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Chandrakant Patil

Ahmedabad 2003 and Aurangabad 1986

Translated by Vishnu Khare

traveVasudha Thozhur, ‘Travelogue – The Aesthetics of Tragedy II’

Two Poems : Ahmedabad, 2003


For Adil Mansuri

Adilji, where are you?
Are you well?
Your heart dancing on many-hued waves
Your mind jostling with words
And your bold protests
Is your world
As unbroken as it used to be?

How easily you bade farewell
To your city
And went away to a deceitful world
Beyond seven seas
A Sufi poet likewise arrived in your city
From my village
And made his peace with the Almighty
Nearly three centuries ago

I am talking of Wali Dakhani
Whose grave has been razed to dust
By devils in the armour of power
You know that, don’t you?

Do you still hold a brush in your hand?
Do fond words fluttering their mystic wings
Still descend on your canvas?
Does your conscience
Still darken
With sad ghazals?

Or, abandoning all deep memories
On the shores of the Arab Sea,
Have you got lost
In a heaven
Where all messengers of God turn into strange passengers?


Read the original Hindi here.




For Jenab Mohammed Alavi

Jenab Alavi Saheb,
You once said
God is like a lantern thrown into the attic of junk
When there is an outage
This remark of yours comes to mind
Then the lantern is searched for, dusted and
Wiped clean and lit
Till electricity is restored

Jenab Alavi Saheb
This happened probably twenty or twenty-five years ago
Meanwhile how fast everything has changed
God is no more a silent lantern
He is now a blazing torch
That has extinguished  the lamps of the entire city
In broad daylight

What are you writing these days?
I ask because
Time is bent upon murdering poetry
Yet human beings exist, living has to be done,
And so does creation.


Read the original Hindi here.


Safe in a Dirge: Wali Dakhani, Aurangabad, 1986

Is this the same as your city
Mohammed Wali
The same gardens and birds
Canals tanks mountains forests
That awoke in you
The feelings of a poet?

Is this the city where you were born
And after your death
Did your body
Mingle in the dust of this city?

Mohammed Wali,
At the age you arrived in this land
Leaving Delhi because of a crazed King
The first time with your father
The Bandanawaz Baba Gesudaraz,
At nearly the same age
Did I arrive in this city of yours,
Half-a-century is about to expire
I have made your city my own
And filled it with my breath.

Under the hovering shadow of death
In every lost battle
This city has given me refuge
Buried under the debris of defeat
I have managed to claw my way out
After these many years
This city of yours
Cannot be wrenched away from my body and soul.

In my youth
A strange madness would possess me
And with my friends at midnight
I would reach the graveyard
Where before the grave of Siraz
We would sit under the neem tree
Looking at the trembling leaves
Playing with moonlight
We would be immersed in our own solitude.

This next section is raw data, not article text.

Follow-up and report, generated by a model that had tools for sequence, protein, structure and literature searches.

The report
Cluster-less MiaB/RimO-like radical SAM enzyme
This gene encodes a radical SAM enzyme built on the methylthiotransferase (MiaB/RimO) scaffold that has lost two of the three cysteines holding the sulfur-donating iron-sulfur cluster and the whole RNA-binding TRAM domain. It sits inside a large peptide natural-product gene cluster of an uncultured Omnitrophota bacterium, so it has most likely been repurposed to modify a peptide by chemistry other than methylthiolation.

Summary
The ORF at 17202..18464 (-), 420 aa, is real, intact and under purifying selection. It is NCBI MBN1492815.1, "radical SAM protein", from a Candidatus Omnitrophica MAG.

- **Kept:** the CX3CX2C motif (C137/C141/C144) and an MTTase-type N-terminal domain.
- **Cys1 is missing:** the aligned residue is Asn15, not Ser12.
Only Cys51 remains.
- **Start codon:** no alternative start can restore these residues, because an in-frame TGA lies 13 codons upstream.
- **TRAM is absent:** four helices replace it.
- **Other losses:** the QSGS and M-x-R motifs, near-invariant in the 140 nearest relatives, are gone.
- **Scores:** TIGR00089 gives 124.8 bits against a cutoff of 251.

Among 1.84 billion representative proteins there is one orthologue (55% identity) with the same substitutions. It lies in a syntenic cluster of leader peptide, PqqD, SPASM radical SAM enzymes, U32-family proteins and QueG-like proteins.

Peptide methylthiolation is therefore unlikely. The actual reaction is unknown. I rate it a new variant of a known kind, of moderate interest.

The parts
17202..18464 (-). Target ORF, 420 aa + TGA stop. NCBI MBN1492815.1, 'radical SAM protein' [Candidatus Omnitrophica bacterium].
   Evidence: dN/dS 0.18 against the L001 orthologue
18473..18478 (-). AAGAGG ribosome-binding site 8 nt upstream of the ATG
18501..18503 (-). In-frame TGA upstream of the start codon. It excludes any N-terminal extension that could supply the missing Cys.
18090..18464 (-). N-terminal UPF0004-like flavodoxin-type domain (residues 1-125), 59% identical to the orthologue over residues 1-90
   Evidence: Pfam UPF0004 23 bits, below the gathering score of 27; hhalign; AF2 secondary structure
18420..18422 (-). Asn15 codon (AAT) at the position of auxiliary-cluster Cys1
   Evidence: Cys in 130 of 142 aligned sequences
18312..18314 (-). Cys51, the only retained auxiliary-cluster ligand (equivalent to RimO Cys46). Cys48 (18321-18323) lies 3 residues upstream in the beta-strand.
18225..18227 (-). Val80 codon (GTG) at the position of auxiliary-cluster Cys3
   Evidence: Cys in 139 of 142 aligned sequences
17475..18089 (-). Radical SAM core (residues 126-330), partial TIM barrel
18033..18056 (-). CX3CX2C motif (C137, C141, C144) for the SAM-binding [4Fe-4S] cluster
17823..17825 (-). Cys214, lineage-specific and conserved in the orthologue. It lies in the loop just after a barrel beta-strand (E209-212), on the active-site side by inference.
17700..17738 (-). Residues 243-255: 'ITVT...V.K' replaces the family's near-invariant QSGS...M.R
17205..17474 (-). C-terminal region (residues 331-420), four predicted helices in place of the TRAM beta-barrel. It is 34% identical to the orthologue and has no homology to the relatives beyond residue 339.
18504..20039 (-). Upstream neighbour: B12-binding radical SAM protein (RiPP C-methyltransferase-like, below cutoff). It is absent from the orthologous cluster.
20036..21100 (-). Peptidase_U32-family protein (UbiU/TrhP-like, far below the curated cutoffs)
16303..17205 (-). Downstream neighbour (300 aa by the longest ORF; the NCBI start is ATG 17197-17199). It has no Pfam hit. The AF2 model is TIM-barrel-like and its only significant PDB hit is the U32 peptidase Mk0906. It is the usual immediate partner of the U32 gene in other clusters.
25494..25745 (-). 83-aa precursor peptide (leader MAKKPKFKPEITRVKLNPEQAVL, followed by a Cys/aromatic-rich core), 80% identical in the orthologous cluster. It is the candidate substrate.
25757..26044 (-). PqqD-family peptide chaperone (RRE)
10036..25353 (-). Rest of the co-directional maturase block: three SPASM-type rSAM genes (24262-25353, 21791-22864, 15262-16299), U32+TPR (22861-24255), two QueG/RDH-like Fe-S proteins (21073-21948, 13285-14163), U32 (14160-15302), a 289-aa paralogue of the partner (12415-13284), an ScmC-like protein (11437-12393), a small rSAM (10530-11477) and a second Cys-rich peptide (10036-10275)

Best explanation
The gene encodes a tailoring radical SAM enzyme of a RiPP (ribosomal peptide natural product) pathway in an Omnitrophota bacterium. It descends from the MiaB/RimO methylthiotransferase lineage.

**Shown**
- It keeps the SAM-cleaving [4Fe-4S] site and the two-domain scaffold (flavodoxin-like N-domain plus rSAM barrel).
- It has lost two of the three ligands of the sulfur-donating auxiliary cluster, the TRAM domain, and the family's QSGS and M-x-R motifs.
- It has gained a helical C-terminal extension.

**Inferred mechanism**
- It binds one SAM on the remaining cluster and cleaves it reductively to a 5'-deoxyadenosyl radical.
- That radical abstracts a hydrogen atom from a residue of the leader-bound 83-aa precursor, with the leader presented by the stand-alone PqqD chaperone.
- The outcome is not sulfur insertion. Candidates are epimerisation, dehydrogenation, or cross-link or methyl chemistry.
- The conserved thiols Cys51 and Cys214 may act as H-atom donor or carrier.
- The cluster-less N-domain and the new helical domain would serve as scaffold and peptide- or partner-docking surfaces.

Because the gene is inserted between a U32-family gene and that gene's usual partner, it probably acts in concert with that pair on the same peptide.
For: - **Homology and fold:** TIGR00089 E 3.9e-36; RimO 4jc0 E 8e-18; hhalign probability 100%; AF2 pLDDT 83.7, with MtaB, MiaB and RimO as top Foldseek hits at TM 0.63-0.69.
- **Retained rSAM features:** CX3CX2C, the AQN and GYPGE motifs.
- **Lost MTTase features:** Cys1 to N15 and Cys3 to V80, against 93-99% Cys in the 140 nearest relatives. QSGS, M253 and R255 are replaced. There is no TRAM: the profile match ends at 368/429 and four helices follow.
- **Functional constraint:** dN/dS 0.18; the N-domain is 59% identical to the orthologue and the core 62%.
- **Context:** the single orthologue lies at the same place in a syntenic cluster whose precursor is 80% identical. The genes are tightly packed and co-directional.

Passing by the graveyard
I would often wonder
How did you transform your life’s humdrum routine, Wali,
Into your ghazals and mathnavis?
How was your evergreen language born
Amid universal decline?

I don’t know
In which city
My last day my last evening
My last night of eternal sleep be spent
But I shall remember this city of yours
Even after my death.

Mohammed Wali,
Ever since I have come to my senses
I have drunk the honey and hemlock
Of this your city
I have wandered through the arteries of this city
In resignation
I have passed through all localities and lanes
Every quarter, each open space of this city
Without fear or worry
I have known each house and each wall, each stone
The magical canals, open gardens
Like my own breath.
Have known
The sunshine shying away from
The narrow by-lanes of this city
I recognised how deep the dark was in every quarter.

Mohammed Wali,
Having spent my entire life in this city of yours
I have seen
How the winds of language
Inflame the shoals of religion,
How people arrive from alien lands
And terrorised by tongue
Divide the city
Into religious camps.

Mohammed Wali,
The terrifying Satan of communalism
Grows each day now in this city,
Its canals are poisoned with
The potion of racial hatred
Carnivore plants breed in its climate
Man-eating beasts emerge from its lanes
In broad daylight
Terrorised darkness
Descends on your city with regular monotony.

Yet this city
Grows incessantly like a nail
As the two banks of a river
Run away from the midstream
Terrorised by a deluge
So are the borderlines
Running away from your city
Look, how immersed in peace this city of yours
Changes into a metropolis
How the crowd has pasted its mask
On its body
How people who belong here are turning strangers
On their own land.

Mohammed Wali,
Were you living in the present
You would perhaps have imprisoned yourself in some dark lane
Spat on civilisation and sat down
Before a carrom-board in a decrepit tea-house
Or gambled on a raised platform in the lane
Or got caught
Touting black-market cinema-tickets
Or robbing people on the desolate highway,
Or maybe as a boy you would have become a garage-hand
Mastering the esoteric language of nuts and spanners and screwdrivers
Might have got a driving licence from somebody benevolent for
An auto-rickshaw, a taxi or straightaway of a truck;
Whenever the call of Jihad
Would come riding high on a whirlwind
Your eyes too would be sanguine
Sharpening rusted knives, daggers, spears.

Mohammed Wali,
This city cannot be yours now
The people of the city have forgotten your name
And wish to forget even the city’s name
Which they claim hurts who they are
And so should be changed.

Mohammed Wali,
This is no longer my city either
Carrying a history of six hundred years
I am collapsing within
Searching for my city lost in this metropolis.

Mohammed Wali,
The words I played with my entire life
Do not know what a dirge is
But it is true
That the name of your beloved city can now
Remain safe only in a dirge.


Read the original Hindi here.